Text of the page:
1. Windows Central Question's Avatar
    1) Are there unbiased Human Computer Interaction studies done by anyone to assess the usability of the UX designs adopted by these three OSes?

    2) Which of these scores in terms of usability?
    Which of these is a more natural way to interact with phones?

    3) I mean, people are often biased by market share of the device (Android), premium image (iPhone), high number of apps (Android / iPhone), bad image of the desktop OS (Windows Phone), low number of apps (Windows Phone)

    4) Do you think a completely new UX paradigm for phone will rule the future?
    10-18-2015 10:28 AM
  2. Harrie-S's Avatar
    Very interesting questions.
    Here are my 2 cents.
    The only know about studies about the use of smartphones. Like accidents when using smartphones in traffic. And recently i saw a article from a, I think an Australian doctor, about the use of smartphones and children with backbones which tend to grow "curved" because of the "unnatural" body position when using smartphones.
    Furthermore i saw an article that warned about the use of smartphones/tablets by "young" children because if you use them and the "game" is too "difficult" they switch to another "game" so they do not "learn" to persis.
    Or about people who get "withdrawal symptoms" if they can not "use" their smartphones.
    So i do not think that one UI or another prevents above issues.

    Furthermore "people" do not "like" changes so I think a "totally" new UI will have a difficulty to be adopted. ( a little off topic but the QWERTY keyboards we use on laptops and PC's are basically from the typewriter "age" and the letters (mechanical parts) will not get stuck when you type fast. In other words the letters we use most are placed far from each other. So basically not "natural" to types "fast" on keyboards. But we still use QWERTY keyboards )

    So a "natural" UI for a smartphone is actual "not" possible because during human evolution there where no smartphones.

    But things like speech recognition, 3D touch, and hololens/google glass and "brainwave detectors" will get more and more adopted so these will "create" a new UI.

    I am not sure if this answers your question but at least it may give another angle to your questions.
    Laura Knotek and xandros9 like this.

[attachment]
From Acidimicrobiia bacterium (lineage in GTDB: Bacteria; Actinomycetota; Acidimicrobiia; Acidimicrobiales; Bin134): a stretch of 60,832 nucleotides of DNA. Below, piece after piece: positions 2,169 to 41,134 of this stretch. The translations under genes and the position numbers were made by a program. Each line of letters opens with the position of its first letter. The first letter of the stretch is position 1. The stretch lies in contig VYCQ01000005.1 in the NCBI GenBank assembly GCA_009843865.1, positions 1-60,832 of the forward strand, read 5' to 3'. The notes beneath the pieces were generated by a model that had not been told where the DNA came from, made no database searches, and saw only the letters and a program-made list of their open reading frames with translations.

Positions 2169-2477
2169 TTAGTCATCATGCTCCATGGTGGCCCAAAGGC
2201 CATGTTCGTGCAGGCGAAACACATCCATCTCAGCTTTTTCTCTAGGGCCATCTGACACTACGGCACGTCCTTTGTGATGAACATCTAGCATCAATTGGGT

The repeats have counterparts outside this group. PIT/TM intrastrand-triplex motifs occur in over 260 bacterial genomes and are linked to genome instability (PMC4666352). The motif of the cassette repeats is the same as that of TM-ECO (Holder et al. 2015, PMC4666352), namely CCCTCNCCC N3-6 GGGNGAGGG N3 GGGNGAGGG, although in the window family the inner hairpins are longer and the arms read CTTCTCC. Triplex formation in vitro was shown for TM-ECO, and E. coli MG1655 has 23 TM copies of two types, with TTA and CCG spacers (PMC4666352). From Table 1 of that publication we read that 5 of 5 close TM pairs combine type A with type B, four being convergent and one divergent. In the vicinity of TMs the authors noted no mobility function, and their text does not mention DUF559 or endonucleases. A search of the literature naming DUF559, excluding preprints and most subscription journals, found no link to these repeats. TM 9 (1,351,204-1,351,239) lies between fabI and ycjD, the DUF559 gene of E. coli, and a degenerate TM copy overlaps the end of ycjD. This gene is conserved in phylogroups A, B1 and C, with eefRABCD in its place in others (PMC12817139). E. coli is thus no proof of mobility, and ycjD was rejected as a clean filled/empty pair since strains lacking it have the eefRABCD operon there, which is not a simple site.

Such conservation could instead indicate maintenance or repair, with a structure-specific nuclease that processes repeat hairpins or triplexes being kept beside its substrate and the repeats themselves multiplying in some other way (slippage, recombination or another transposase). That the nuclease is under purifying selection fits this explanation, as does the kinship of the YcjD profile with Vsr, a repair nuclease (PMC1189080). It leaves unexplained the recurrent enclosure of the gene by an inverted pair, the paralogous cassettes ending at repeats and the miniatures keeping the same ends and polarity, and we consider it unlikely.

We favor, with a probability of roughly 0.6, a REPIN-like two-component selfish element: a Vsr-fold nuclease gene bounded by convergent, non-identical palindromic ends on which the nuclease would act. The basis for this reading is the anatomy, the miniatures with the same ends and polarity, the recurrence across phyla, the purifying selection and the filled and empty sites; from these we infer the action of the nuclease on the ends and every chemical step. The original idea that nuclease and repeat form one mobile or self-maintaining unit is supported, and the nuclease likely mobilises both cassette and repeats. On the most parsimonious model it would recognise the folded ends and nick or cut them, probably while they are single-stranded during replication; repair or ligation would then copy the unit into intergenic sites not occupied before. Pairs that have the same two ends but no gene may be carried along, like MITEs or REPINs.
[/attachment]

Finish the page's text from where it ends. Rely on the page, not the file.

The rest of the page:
10-18-2015 11:54 AM
  3. Tumultus's Avatar
    1. Humans are biased by nature! That's a given fact and there is absolutely no way around it. Granted, some are more biased than others; some even have an agenda. However, there is no such thing as an unbiased study. It always comes down to familiarity and preferences. Just have a look at people (family / friends) around you: every single one of them will prefer different things and will struggle with things where another person just excels.

    2. This ties into #1 and, probably, there is no "one-size-fits-all" natural way of interacting. Again, it comes down to what the user is familiar with. Everything else will be unnatural to him and therefore 2nd choice.

    3. People simply don't take the time to educate themselves and just go with what everyone else has. Besides that, a whole lot of folks think if something costs more, it is better. If the item they purchased doesn't work for them, they simply will blame it on themselves being too stupid to understand it rather than saying "This $1000.00 product sucks!" ...

    4. I don't think that it is the UX that makes or breaks the popularity of a device. Have a look at Android: if you ignore the Google services, it looks and functions a lot like Windows Mobile from back in the days. Here you could say that Microsoft was 10 years too early but I don't think that's the case. People will adapt to whatever is popularized by marketing departments and their tech-savvy friends.
    Laura Knotek and xandros9 like this.
    10-18-2015 12:14 PM

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